Heyl Royster

 


Heyl Royster

 

First Report of Injury: Timing, filing requirements, and best practices

By: Joseph Guyette, jguyette@heylroyster.com

When an employee is injured, there are a number of tasks to be completed in a very short period of time. First and foremost is the health and safety of the injured employee. After that, attention can be turned to paperwork, investigations, and preservation of evidence. While all of these tasks are important, the first step that is absolutely required by the Illinois Workers’ Compensation Act is completion of the “Employer’s First Report of Injury” form.

Where is the form located?

The required form is also known as “Form 45,” and it can be found under the “Forms” section on the IWCC website. Click here: https://www2.illinois.gov/sites/iwcc/Documents/ic45FORM.doc to find the form on the Commission’s website.

When does the form need to be submitted?

The Workers’ Compensation Act requires the Employer’s First Report of Injury form to be submitted electronically within thirty days of any accident involving the loss of more than three scheduled workdays. For an employee death, the form must be submitted within two workdays.

How is the form submitted?

As of June 14, 2019, Illinois requires this form to be submitted electronically. These forms are filed using the XML file format. The Workers’ Compensation Commission website provides detailed information regarding the requirements for filing at the following address: https://www2.illinois.gov/sites/iwcc/Pages/EDIImplimentation.aspx

Best practices for completing the Employer’s First Report of Injury

Timing:

Assuming the injured employee’s condition allows it, it is best to complete the Employer’s First Report of Injury as soon as possible. At that point, the information should be fresh and readily available. Perhaps more importantly, the information can be gathered from the injured employee before he or she begins thinking about Workers’ Compensation benefits. After an injured employee has had an opportunity to Google Workers’ Compensation laws or talk to an attorney, the version of events leading up to an accident may change.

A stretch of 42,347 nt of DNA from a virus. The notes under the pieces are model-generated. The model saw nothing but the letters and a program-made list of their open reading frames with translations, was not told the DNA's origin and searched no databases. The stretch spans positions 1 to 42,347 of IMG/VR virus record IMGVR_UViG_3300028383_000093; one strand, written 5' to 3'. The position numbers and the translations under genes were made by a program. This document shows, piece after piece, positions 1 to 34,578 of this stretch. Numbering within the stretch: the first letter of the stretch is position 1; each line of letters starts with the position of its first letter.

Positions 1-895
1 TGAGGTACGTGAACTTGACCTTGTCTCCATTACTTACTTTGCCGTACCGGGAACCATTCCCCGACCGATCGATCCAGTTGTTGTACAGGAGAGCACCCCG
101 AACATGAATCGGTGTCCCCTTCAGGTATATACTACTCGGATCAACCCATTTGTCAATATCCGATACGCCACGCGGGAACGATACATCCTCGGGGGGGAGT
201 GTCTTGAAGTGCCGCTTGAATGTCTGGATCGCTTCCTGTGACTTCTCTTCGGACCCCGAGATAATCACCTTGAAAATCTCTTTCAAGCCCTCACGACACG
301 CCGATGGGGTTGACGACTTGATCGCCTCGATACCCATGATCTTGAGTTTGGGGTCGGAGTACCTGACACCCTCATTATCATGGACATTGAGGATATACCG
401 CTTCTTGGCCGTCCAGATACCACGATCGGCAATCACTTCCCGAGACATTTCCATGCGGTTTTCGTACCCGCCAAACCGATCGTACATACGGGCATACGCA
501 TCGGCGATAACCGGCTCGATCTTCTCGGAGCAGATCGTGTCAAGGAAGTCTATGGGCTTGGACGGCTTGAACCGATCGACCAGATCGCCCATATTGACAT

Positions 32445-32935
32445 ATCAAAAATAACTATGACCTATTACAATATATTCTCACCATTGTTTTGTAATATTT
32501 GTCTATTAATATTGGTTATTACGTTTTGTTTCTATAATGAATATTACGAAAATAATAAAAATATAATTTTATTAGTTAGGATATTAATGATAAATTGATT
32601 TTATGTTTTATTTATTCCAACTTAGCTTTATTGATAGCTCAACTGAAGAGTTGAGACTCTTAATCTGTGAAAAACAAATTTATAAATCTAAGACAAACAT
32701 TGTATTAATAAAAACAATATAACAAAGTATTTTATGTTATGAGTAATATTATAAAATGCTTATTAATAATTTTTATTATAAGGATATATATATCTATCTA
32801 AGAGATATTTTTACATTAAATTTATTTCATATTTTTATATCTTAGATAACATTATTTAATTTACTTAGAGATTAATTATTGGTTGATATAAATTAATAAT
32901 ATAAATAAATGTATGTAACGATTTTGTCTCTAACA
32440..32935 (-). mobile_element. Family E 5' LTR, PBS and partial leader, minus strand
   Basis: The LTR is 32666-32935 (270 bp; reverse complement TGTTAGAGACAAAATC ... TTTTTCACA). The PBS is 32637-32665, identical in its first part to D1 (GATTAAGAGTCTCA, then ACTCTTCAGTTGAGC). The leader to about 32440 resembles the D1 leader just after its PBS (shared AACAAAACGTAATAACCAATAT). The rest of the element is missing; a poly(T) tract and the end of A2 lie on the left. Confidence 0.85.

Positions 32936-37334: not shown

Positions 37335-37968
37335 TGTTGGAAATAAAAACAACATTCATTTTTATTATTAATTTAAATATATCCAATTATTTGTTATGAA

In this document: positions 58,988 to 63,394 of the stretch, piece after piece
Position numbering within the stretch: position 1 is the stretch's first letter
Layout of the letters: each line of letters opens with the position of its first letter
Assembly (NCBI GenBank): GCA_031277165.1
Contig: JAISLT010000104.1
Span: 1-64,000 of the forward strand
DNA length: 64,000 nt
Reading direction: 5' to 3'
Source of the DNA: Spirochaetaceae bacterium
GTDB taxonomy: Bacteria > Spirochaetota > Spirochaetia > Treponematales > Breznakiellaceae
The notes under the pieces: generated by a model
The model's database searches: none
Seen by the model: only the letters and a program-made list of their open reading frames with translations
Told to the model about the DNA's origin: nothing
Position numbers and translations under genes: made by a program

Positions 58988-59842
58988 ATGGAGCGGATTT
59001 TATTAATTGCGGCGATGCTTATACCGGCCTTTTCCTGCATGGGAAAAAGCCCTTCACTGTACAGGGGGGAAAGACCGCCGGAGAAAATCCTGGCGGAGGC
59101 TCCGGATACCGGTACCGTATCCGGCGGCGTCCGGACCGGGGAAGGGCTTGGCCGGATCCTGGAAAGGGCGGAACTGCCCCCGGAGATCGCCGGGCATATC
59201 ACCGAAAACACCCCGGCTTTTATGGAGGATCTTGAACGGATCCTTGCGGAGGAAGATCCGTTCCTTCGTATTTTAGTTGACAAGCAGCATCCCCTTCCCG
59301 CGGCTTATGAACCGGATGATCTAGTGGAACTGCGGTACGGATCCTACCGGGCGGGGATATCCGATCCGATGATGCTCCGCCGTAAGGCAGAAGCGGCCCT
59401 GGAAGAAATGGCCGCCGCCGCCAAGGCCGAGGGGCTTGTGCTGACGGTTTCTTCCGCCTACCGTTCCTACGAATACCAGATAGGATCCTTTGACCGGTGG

Template for investigation:

The First Report of Injury provides a good template to guide the investigation of an accident. In addition to listing the date, time, and location of the accident, the form requires information that can lead to additional defenses. Specifically, there is a portion of the form asking about what the employee was doing when the accident occurred. Information contained in this field can help evaluate whether the employee was in the course and scope of his or her employment at the time of the injury.

Another section of the form asks about the body parts affected as a result of the accident. A thorough response to this section can help us exclude body parts or conditions that an employee subsequently claims were involved in the accident. If an employee falls and injures his left shoulder, but subsequently claims an increase in low back pain, this report can form the basis for a defense.

Finally, the form includes a section asking about the object or substance that directly harmed the employee. This portion of the form can help us identify whether there is another entity or individual that is at fault for causing the employee’s accident. If a vendor or outside contractor makes a mess that causes an employee to fall, we can pursue a civil lawsuit to recover amounts paid for Workers’ Compensation benefits.

Be thorough:

It is critical that the Employer’s First Report of Injury is completed in a thorough manner. Vague or incomplete entries often make for additional work in the weeks, or even months, after an accident has occurred. For example, if the report simply indicates that an employee “slipped/tripped,” it is impossible to evaluate compensability or assess potential defenses. Did that employees slip on ice, or did he simply trip over his own feet? Was a fall caused by careless coworker’s misplaced tools, or by the cleaning service that had spilled floor wax? Did the accident occur inside of your building, or in the parking lot?

The best time for gathering all these details is right after an accident has occurred. Finding information and witnesses long after an accident has occurred can be difficult, if not impossible. Thoroughly completing the Employer’s First Report of Injury provides the best opportunity to defend a Workers’ Compensation claim.

Conclusion

The Workers’ Compensation Act requires the Employer’s First Report of Injury to be completed and electronically filed in a relatively short amount of time. If it has to be done, you may as well do it right and do it now. Using the form as a template for an investigation is the first step. The second step is to be thorough in filling in information. Once that is done, claims handlers and defense counsel will be in the best position to evaluate compensability and defenses.

If you have any questions about accident investigation or completing and filing the Employer’s First Report of Injury, feel free to contact the Workers’ Compensation team at Heyl, Royster, Voelker & Allen.